CIOs must re-invent themselves by leveraging digital trends
New radical thinking needed, led by ‘digital first’ mentality
CHIEF information officers (CIOs) aspiring to be agents of change in today’s modern enterprise have an opportunity to do so by leveraging digital trends, technologies, and the cultural dynamics they bring to the business, according to Gartner Inc.
Speaking to the media in Kuala Lumpur on Jan 27, Gartner principal analyst Sid Deshpande said the increasingly pervasive trend of digitalisation gives CIOs ample opportunities to re-invent themselves and the way they drive their companies’ business forward.
However, to do so effectively, CIOs must “flip their thinking” in three major areas, he argued.
According to Gartner, not only are CIOs today expected to play a leading role in digitalisation, chief executive officers (CEOs) too expect them to step up and lead the digital charge.
The research firm believes that to do so, CIOs must accept a ‘digital now, digital first’ mentality and address long-standing challenges in value and risk management that could thwart digitalisation – and to replace their command-and-control culture with visionary leadership.
Elaborating on this broad theme, Deshpande said the attitude CIOs must develop is that of people and culture leadership, so that they can ensure that the organisations they run will have the right mindset that would allow change to happen.
Quoting management guru Peter Drucker, who said “culture eats strategy for breakfast,” Deshpande said, “Even if you have the greatest digital strategy in a company, you will fail if you don’t have an organisational culture to make that strategy a success – especially in risk-averse organisations.
“Thus, it’s up to CIOs to foster and create a digital-savvy culture across the various stakeholders – whether they are from business units, the board of directors, technical, or sales and marketing departments.”
Don’t shoot the deputy
One way to do this is to introduce the role of a ‘deputy CIO,’ which can be seen as a chief operating officer of IT, so that the CIO can pass off day-to-day duties to the deputy.
“This way, a CIO can free himself from running the organisation and spend time listening to customers’ business problems and be involved in customer transformation projects,” Deshpande (pic) suggested.
Another way is to help the enterprise understand and get excited about where digitalisation can take the business, as education and inspiration are central tasks for CIOs determined to be digital leaders, he added.
Deshpande said at the end of the day, CIOs need to change their leadership style from ‘control first’ to ‘vision first.’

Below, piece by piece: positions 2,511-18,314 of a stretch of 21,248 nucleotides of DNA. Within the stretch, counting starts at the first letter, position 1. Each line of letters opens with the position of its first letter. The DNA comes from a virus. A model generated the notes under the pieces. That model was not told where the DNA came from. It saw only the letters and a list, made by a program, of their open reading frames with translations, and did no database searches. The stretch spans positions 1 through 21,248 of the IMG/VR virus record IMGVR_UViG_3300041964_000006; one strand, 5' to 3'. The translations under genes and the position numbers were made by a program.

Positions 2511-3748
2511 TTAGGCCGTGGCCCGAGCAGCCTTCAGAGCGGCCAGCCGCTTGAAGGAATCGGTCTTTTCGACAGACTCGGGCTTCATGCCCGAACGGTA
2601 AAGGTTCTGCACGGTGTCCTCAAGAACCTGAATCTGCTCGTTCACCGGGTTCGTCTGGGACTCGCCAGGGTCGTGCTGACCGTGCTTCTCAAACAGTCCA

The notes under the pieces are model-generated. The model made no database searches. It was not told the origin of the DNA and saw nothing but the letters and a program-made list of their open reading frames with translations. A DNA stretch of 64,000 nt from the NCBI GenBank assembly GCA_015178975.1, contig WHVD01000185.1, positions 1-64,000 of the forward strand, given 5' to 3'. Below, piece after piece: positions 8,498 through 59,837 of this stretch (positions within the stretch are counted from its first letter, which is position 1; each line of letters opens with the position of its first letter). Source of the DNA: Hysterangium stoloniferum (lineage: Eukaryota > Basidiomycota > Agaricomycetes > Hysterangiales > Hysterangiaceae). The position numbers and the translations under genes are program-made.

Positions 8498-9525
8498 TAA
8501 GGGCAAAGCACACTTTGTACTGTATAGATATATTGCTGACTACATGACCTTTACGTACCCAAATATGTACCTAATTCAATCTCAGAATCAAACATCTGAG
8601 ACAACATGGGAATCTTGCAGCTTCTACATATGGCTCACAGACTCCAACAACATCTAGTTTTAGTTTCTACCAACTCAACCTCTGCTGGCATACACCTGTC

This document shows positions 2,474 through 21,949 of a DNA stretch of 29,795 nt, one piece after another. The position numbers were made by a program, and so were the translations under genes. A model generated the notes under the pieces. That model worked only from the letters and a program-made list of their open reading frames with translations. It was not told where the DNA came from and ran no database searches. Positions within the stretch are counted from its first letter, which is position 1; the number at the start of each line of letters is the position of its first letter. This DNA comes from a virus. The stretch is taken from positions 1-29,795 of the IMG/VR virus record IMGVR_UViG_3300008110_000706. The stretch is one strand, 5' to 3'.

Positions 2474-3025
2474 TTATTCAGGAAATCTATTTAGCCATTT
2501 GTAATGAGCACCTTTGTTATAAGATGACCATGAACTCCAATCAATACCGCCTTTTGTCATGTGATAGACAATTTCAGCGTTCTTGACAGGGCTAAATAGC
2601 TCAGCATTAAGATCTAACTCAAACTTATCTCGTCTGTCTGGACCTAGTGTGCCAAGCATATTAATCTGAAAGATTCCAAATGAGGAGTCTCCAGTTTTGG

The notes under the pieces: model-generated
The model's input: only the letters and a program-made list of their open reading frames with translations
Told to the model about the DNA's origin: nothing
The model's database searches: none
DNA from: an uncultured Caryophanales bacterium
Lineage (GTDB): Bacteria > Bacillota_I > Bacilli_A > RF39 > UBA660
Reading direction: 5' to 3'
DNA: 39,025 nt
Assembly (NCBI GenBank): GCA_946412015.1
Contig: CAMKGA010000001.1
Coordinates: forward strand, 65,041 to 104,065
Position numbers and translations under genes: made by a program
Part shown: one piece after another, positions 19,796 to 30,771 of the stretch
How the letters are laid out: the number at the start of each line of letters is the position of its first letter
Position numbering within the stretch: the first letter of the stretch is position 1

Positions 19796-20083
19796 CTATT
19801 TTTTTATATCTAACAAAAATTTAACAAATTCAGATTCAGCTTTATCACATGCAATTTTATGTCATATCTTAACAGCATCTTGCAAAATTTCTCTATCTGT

“This is a complete flip and should not merely be seen as incremental improvement,” he stressed. “A radical rethinking of existing paradigms is needed for the CIO evolving in 2015 and beyond.”
Create the future
The second area for CIOs to focus on is to move from legacy thinking to one that is digital-first, Deshpande said.
According to a Gartner research paper entitled Flipping to Digital Leadership: The 2015 CIO Agenda, which was based on a survey of 2,810 CIOs across 84 countries including 117 in South-East Asia, a larger proposition of organisations in the region intend to adopt cloud and mobile first compared with the global average.
“For example in the old paradigm, whenever an enterprise wanted to launch a new service, the thinking might be to architect applications internally and host them on its own data centre.
“Today, CIOs would need to have a cloud and mobile mindset first, and explore how these services can be built that way,” Deshpande said.
CIOs could also have a digital first strategy in the area of business intelligence and analytics.
For example, backward-looking reporting is insufficient in a rapidly changing digital business world, Deshpande said. To ‘create the future’ and be the disrupter rather than the disrupted, businesses need forward-looking predictive analytics combined with data-led experimentation.
He also said CIOs need to show value leadership – that is to move away from measuring return-on-investment (ROI) in a traditional fashion, to new ways of measuring digital projects.
“Take social listening – tools used to listen to social media about an organisation’s reputation or brand,” he explained. “You can't use [traditional metrics such as] cost, customer satisfaction, and IT service levels to measure [such a digital project].
“A CIO would need to identify the metrics that fit the project. He will need to be creative as there is not a single answer. If you don’t apply the right metrics, you won’t come to the right conclusion,” he added.
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